It’s easy in elegant diction
To call it an innocent fiction
But it comes in the same category
As telling a regular terrible story.
~W. S. Gilbert, Pirates of Penzance

It was known
to the Victorians:
the elegant diction,
called innocent fiction.
But even bitter satire of duty
carried the implication
of honor and shame.
The silly Major General,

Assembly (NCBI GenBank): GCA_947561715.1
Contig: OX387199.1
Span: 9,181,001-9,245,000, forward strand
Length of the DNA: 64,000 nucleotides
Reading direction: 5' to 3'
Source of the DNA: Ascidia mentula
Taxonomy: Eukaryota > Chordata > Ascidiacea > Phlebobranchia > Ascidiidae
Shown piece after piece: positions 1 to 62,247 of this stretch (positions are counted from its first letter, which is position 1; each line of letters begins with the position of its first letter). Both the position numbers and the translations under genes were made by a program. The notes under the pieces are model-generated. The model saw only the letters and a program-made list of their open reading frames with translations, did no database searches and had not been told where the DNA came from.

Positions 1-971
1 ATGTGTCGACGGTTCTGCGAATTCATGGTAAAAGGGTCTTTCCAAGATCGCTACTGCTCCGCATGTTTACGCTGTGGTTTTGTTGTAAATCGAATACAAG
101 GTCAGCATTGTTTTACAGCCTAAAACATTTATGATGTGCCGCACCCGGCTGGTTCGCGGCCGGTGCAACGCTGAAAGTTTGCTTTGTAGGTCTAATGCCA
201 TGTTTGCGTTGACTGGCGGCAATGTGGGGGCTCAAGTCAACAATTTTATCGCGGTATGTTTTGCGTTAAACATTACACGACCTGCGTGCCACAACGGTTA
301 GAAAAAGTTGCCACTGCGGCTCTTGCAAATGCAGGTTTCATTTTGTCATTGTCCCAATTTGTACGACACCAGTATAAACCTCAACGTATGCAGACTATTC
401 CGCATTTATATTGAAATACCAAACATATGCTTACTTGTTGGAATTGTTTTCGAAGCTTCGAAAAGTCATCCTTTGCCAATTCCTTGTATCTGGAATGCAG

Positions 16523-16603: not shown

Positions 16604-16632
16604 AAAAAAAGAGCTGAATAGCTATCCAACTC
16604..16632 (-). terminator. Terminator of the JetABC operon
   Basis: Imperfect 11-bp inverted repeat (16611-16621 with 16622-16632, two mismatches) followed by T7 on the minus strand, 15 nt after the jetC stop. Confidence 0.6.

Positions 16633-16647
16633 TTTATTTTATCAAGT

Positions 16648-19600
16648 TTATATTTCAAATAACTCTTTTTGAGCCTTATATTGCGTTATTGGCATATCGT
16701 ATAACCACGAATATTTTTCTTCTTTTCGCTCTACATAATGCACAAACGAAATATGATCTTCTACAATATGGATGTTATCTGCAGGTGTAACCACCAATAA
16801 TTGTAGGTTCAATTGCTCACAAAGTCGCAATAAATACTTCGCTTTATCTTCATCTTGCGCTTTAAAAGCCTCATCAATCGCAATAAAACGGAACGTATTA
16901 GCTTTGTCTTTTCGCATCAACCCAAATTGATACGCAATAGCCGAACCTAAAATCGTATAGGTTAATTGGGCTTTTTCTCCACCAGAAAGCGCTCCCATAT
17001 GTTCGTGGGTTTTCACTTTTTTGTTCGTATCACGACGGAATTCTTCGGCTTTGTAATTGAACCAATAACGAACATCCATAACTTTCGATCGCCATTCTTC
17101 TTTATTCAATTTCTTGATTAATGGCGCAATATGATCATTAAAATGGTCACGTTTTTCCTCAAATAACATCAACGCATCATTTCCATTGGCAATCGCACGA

sleepless in the ruined chapel,
bemoaned the blot
on his newly purchased escutcheon,
and everyone knew the difference.

It seems now
for the diction
to be elegant:
any manly rhetoric
will be believed.
It seems necessary
to believe it.

Meanwhile the mendacious tale unfolds.
Meanwhile the modern majors
give new shape to  topsy turveydom.
Meanwhile the bodies
are covered with oil and sand.


January, 2004